uestion: Why is there time and space?
There is time so that everything doesn’t happen at once, and there is space so that everything doesn’t happen to you.
When it comes to time, fast-time in model railroads get a bit of a bum rap. People think that the sole purpose of a fast clock is to generate all sorts of undue stress, like speeding up a production line to make the workers produce more.
Time (and fast-time) is nothing more than a measure of where we are at in the operations sequence. If there is stress all around, that’s a failure of the host and his goals, not you. Sure, running a job for the first time can be a little stressful (I sure felt it on the FEC when I ran the trim job last week as mentioned HERE). But if you’ve run the job a couple of times and know what you are doing and still can’t complete, again, that’s a failure of the host’s expectations, not the operator’s abilities.
When designing an op session, the first thing you do (after figuring out the basics) is… well… run the trains. Without worrying about any fast clocks, just see what the layout can easily handle. Sure, there will be an effort made to simulate the prototype, but for the most part, all you and your testers are trying to do is to comfortably run your railroad.
When you are through, check the time on your wristwatch. How long did it take? Two hours? Three hours?
Once you run the sequence a few times and have it down, see what real time elapsed. Give yourself a comfortable margin of slack; you’ll want to run extras and solve occasional switching dilemmas. But by now, you know how long your session should last.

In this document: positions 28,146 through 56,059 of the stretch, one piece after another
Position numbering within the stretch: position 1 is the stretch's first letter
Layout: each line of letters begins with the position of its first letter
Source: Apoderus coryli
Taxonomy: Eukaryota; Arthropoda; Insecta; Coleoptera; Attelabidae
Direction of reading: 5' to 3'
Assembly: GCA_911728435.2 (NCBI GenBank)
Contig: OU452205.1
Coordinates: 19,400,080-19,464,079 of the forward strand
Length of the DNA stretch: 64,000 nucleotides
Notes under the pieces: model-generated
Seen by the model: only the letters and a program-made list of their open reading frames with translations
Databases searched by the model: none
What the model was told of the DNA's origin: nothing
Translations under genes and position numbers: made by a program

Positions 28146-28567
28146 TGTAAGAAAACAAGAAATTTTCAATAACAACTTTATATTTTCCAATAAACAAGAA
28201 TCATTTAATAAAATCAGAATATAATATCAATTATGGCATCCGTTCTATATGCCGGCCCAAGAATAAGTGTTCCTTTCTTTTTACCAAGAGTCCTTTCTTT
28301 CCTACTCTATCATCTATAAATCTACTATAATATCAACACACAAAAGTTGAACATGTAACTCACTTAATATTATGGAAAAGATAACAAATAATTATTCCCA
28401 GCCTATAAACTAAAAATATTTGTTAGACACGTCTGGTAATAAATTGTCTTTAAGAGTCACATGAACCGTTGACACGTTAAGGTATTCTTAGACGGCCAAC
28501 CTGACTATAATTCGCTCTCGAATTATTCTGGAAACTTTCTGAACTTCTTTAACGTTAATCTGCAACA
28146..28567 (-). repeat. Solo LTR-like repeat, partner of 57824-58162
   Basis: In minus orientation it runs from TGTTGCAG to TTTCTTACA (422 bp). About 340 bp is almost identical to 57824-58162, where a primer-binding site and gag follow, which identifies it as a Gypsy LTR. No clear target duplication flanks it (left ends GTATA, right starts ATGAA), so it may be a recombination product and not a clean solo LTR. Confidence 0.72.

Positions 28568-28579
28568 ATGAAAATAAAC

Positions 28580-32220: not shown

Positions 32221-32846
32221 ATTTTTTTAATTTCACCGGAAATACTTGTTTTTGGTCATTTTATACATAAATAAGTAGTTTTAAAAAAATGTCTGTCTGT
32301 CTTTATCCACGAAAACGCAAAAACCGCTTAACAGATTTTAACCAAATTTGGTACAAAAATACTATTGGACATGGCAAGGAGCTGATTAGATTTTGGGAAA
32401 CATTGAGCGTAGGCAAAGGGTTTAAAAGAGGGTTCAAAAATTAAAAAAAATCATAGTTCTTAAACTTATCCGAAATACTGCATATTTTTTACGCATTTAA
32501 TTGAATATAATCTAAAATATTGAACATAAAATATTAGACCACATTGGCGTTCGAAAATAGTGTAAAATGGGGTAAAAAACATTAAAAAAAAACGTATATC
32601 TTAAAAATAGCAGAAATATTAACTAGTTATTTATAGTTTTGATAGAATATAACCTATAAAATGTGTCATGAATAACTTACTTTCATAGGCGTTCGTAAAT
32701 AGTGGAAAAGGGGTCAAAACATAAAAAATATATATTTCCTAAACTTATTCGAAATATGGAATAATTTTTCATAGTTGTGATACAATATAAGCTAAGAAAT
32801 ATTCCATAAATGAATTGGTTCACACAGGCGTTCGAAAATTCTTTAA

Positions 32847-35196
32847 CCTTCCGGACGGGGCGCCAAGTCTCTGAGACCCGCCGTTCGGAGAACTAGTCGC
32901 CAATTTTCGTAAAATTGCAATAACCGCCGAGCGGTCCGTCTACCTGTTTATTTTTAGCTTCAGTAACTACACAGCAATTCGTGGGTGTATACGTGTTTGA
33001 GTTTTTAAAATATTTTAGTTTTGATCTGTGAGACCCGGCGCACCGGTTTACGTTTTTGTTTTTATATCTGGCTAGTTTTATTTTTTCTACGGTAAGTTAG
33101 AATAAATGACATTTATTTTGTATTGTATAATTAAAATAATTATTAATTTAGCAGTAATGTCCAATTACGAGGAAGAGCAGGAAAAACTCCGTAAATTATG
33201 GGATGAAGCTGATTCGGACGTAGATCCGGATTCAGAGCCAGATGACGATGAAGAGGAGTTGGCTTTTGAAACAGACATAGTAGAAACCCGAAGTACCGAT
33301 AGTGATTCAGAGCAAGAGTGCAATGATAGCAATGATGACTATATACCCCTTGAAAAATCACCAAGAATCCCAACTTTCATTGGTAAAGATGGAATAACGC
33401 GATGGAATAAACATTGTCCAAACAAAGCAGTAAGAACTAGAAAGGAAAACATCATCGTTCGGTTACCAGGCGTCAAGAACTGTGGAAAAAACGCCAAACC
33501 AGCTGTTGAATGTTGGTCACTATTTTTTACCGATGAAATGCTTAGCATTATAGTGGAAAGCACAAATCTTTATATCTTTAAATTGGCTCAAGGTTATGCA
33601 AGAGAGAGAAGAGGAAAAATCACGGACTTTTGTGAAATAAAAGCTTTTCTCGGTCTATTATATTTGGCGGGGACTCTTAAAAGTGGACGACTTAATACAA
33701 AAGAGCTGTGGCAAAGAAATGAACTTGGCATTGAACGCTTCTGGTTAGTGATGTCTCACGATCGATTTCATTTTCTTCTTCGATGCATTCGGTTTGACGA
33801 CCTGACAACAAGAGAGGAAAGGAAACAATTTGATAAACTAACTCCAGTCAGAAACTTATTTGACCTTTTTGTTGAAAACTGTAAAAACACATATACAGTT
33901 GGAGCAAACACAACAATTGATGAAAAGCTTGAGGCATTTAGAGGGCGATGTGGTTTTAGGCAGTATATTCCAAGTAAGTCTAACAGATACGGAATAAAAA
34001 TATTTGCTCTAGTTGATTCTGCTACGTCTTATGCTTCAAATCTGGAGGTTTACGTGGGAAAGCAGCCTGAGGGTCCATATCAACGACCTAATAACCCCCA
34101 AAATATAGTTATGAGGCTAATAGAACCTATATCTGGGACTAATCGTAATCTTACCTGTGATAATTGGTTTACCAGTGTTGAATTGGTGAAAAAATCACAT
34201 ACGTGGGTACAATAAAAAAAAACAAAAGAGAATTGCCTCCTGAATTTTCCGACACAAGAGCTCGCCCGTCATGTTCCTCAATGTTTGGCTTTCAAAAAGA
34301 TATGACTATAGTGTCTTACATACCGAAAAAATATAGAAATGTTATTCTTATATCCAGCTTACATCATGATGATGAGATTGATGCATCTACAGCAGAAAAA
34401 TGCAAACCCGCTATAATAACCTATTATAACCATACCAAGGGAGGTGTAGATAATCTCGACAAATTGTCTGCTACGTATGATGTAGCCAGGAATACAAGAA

And now? Instead of saying it’s a three hour session, multiply everything by eight (so that your three-hour session now translates to a twenty-four hour day), write up a timetable and try it again. But note this – nothing has changed. you are still running the same trains in the same amount of “real time”. It’s just that you are measuring the session by a fast clock, not a real clock. You will still finish in three hours, but you’ll have run the full “day”.
I tell people that most of the home layouts in Orlando run on a 10:1 fast clock. To most operators, that’s an abomination. But for us, it’s just right. It gives us a two-and-a-half hour “day” (meaning we start at 7pm and complete at 9:30pm or so (perfect for those people who need to work the next day)). And generally, the number of trains we run on the layout is not too much. Of course, the dispatcher will be rather busy and need to stay on the ball, but nobody is over-stressed and everyone gets at least one run.
Think about it – our yardmaster needs to switch out six trains and do a little sorting. That is not asking much in two-point-five hours.
The the locals, they go out and exchange six to ten cars in their dedicated industrial yards. Even the newest of the new can compete and come home in two-point-five.
In fact, all the fast clock does is tell us when the freights should depart staging and give the passenger trains a schedule (comfortably paced, with mid-run station stops to allow them to catch up if behind).
Sure, we can have new dispatchers (like HERE) and too many extras, but really, the outcome would be no different at all if we threw away the fast clocks and ran standard. Everything would still play out the same. We’d still finish at 9:30pm.
So go ahead and run your layout off standard time, but consider converting your timetable over to a fast-clock version. Set up a session and see if it makes any difference at all. Remember, the real railroad should be able to run its timetable reliably day after day. If you can’t, look to other problems, not your clock speed.
Still not convinced? On your next session, instead of starting at 1pm or something, say you are starting at 1 Apple. 2pm is 2 Apple. And so on. That’s is the exact same thing as running a fast clock.